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Circuit Court rules in favor of utility

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The 7th Circuit Court of Appeals has affirmed summary judgment in favor of a Louisville utility in a dispute as to whether landowners could eject the utility from their property after violating portions of the lease. The appellate judges also declined to certify a question to the Indiana Supreme Court.

Cedar Farm owns land along the Ohio River, which contains Indiana’s only antebellum plantation complex. The complex is on the National Register of Historic Places, and part of the land is considered a “classified forest” by the Indiana Department of Natural Resources. The property has various public uses.

Cedar Farm and Louisville Gas and Electric Co. have had leases for storing and extracting oil and natural gas from portions of the property since 1947. An amended lease in 1996 only allows termination at any time by LG&E, or if the utility fails to make timely payments to Cedar Farm. There is a specific provision that LG&E will pay for damages caused by its operations.

Cedar Farm filed a lawsuit claiming LG&E repeatedly breached the lease and its crews, or crews hired by it, caused damage to the property and even prevented the owners from access the land in December 2008. Cedar Farm wanted to evict LG&E, terminate the lease, and sought damages.

The District Court granted summary judgment in favor of LG&E on the ejectment claim, rejecting Cedar Farm’s arguments that lack of a clause regarding termination for the conduct committed by LG&E did not bar its ejectment action. Cedar Farms later dismissed its damages claim with prejudice so it could appeal the ejectment claim.

In Cedar Farm, Harrison County Inc. v. Louisville Gas and Electric Co., No. 10-2234, the 7th Circuit judges noted that under Indiana law, courts generally will enforce forfeiture or termination clauses in these kinds of leases before drilling begins, but after drilling begins courts are reluctant to enforce even explicit forfeiture provisions if damages can adequately compensate the lessor.

“But to survive summary judgment in this case and under this Lease, Cedar Farm needed to provide specific evidence in order to show a trier of fact the environmental impact of LG&E’s actions and why writing a check would be insufficient,” wrote Judge Ann Claire Williams. “An affidavit or other form of proof along these lines was necessary, and Cedar Farm did not submit, and does not argue it was prevented from submitting, such evidence to the district court.”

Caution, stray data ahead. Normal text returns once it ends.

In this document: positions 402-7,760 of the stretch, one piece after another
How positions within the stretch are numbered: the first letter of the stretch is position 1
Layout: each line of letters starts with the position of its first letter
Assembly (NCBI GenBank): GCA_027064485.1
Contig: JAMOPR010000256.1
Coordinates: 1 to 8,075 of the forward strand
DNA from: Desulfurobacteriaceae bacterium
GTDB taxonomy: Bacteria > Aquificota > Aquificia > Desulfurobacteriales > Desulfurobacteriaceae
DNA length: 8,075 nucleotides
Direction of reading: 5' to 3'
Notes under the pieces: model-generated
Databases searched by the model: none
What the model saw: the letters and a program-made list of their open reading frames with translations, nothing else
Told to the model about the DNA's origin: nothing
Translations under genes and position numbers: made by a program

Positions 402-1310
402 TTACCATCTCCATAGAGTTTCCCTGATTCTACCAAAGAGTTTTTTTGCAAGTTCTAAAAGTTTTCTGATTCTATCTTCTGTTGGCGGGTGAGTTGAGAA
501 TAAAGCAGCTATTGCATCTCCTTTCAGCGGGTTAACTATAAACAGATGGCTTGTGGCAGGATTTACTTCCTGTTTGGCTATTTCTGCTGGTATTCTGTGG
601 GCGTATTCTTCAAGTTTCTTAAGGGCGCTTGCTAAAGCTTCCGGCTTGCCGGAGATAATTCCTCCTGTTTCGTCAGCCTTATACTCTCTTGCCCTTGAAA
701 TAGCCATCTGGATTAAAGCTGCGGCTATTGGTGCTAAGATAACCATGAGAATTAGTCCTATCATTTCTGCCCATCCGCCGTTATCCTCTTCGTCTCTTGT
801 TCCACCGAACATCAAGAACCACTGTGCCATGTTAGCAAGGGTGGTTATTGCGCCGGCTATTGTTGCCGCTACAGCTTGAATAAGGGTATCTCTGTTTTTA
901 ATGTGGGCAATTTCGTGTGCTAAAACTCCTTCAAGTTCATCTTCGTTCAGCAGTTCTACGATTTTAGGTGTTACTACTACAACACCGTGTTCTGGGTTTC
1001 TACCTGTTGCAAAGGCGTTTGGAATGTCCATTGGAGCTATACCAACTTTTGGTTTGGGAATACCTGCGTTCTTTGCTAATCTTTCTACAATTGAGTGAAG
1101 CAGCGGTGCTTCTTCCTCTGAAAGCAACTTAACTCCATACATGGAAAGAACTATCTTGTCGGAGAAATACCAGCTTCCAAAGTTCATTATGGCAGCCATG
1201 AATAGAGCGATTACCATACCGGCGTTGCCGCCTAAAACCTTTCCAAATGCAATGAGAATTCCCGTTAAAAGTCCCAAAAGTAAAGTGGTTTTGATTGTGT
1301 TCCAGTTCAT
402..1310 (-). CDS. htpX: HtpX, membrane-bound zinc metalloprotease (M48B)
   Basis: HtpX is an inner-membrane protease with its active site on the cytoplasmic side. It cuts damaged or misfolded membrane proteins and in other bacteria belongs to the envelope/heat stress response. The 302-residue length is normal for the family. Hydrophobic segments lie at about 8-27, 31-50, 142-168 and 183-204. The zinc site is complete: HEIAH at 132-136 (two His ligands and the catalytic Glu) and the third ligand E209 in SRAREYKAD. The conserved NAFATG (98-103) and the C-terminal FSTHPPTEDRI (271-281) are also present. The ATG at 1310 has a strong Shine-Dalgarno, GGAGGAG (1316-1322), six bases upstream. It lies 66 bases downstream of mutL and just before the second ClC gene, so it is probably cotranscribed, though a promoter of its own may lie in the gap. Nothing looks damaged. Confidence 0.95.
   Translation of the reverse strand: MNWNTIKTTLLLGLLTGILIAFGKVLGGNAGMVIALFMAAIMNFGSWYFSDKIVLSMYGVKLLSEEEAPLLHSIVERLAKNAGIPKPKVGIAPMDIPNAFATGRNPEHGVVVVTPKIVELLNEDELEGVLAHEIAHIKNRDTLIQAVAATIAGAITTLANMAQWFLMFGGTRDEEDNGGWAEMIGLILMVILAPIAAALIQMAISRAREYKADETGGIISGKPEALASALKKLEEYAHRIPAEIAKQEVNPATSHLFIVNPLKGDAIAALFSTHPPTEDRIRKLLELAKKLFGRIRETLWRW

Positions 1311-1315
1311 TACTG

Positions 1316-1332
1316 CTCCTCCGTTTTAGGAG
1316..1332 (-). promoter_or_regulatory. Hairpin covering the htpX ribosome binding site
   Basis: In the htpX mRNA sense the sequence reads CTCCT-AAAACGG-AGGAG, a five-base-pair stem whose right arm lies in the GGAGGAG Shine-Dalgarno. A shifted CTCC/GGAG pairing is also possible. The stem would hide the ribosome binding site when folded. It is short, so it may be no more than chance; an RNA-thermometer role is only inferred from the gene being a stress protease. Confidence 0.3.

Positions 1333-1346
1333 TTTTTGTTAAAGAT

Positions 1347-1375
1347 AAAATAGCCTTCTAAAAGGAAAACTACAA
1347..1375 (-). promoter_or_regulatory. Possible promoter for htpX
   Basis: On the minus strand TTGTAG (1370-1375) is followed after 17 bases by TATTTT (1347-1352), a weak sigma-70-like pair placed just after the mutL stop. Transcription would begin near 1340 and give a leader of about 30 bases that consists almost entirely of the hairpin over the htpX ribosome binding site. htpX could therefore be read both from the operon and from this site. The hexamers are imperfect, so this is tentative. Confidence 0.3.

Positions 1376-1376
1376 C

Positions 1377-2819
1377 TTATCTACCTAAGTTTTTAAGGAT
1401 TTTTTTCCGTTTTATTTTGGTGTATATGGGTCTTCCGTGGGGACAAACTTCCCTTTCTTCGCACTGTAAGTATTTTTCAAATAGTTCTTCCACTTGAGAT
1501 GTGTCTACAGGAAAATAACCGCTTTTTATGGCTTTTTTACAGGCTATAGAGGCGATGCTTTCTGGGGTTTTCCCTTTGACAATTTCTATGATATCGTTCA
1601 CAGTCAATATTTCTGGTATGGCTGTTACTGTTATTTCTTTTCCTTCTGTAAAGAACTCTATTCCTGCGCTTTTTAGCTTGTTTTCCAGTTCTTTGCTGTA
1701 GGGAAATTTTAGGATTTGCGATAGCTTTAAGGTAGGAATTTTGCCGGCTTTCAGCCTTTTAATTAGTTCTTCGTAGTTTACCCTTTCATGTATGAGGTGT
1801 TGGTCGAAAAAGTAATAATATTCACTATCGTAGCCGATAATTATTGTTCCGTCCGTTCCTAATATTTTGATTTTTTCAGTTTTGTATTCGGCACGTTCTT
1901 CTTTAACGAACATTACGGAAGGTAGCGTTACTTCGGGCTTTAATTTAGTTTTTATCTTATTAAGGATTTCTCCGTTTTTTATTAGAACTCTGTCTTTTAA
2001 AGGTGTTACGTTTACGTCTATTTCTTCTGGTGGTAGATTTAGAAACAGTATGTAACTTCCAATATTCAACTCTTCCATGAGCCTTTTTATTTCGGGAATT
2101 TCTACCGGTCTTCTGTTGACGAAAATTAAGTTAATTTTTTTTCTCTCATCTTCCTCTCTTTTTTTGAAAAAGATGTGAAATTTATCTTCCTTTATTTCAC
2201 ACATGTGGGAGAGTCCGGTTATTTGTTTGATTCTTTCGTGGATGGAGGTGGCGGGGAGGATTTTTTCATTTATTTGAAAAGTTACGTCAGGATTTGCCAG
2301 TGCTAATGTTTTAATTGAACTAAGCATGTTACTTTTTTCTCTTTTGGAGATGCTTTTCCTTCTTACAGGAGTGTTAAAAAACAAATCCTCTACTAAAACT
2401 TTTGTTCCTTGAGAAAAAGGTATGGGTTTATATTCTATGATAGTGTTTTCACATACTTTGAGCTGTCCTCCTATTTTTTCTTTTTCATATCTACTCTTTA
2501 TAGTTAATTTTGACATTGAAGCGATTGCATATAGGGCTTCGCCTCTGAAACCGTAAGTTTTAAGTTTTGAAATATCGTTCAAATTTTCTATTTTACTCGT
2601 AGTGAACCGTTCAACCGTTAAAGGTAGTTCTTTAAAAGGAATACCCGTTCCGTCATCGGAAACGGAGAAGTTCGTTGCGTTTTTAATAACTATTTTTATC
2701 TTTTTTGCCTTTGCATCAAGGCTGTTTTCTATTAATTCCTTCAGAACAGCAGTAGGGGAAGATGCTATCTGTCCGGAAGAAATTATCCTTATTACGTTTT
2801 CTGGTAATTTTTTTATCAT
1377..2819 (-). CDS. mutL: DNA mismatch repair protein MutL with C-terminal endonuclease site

The federal appellate court also declined Cedar Farm’s request to certify a question to the Indiana Supreme Court – “whether Indiana would allow a lessor to terminate an oil-and-gas lease where recurring breaches of the lease threaten to inflict intangible, irreparable harm on the subject property.” Cedar Farm seeks to certify the question of whether the type of recurring damage alleged would suffice, which is not an appropriate question for certification, the judges held.

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  1. I gave tempparry guardship to a friend of my granddaughter in 2012. I went to prison. I had custody. My daughter went to prison to. We are out. My daughter gave me custody but can get her back. She was not order to give me custody . but now we want granddaughter back from friend. She's 14 now. What rights do we have

  2. This sure is not what most who value good governance consider the Rule of Law to entail: "In a letter dated March 2, which Brizzi forwarded to IBJ, the commission dismissed the grievance “on grounds that there is not reasonable cause to believe that you are guilty of misconduct.”" Yet two month later reasonable cause does exist? (Or is the commission forging ahead, the need for reasonable belief be damned? -- A seeming violation of the Rules of Profession Ethics on the part of the commission) Could the rule of law theory cause one to believe that an explanation is in order? Could it be that Hoosier attorneys live under Imperial Law (which is also a t-word that rhymes with infamy) in which the Platonic guardians can do no wrong and never owe the plebeian class any explanation for their powerful actions. (Might makes it right?) Could this be a case of politics directing the commission, as celebrated IU Mauer Professor (the late) Patrick Baude warned was happening 20 years ago in his controversial (whisteblowing) ethics lecture on a quite similar topic: http://www.repository.law.indiana.edu/cgi/viewcontent.cgi?article=1498&context=ilj

  3. I have a case presently pending cert review before the SCOTUS that reveals just how Indiana regulates the bar. I have been denied licensure for life for holding the wrong views and questioning the grand inquisitors as to their duties as to state and federal constitutional due process. True story: https://www.scribd.com/doc/299040839/2016Petitionforcert-to-SCOTUS Shorter, Amici brief serving to frame issue as misuse of govt licensure: https://www.scribd.com/doc/312841269/Thomas-More-Society-Amicus-Brown-v-Ind-Bd-of-Law-Examiners

  4. Here's an idea...how about we MORE heavily regulate the law schools to reduce the surplus of graduates, driving starting salaries up for those new grads, so that we can all pay our insane amount of student loans off in a reasonable amount of time and then be able to afford to do pro bono & low-fee work? I've got friends in other industries, radiology for example, and their schools accept a very limited number of students so there will never be a glut of new grads and everyone's pay stays high. For example, my radiologist friend's school accepted just six new students per year.

  5. I totally agree with John Smith.

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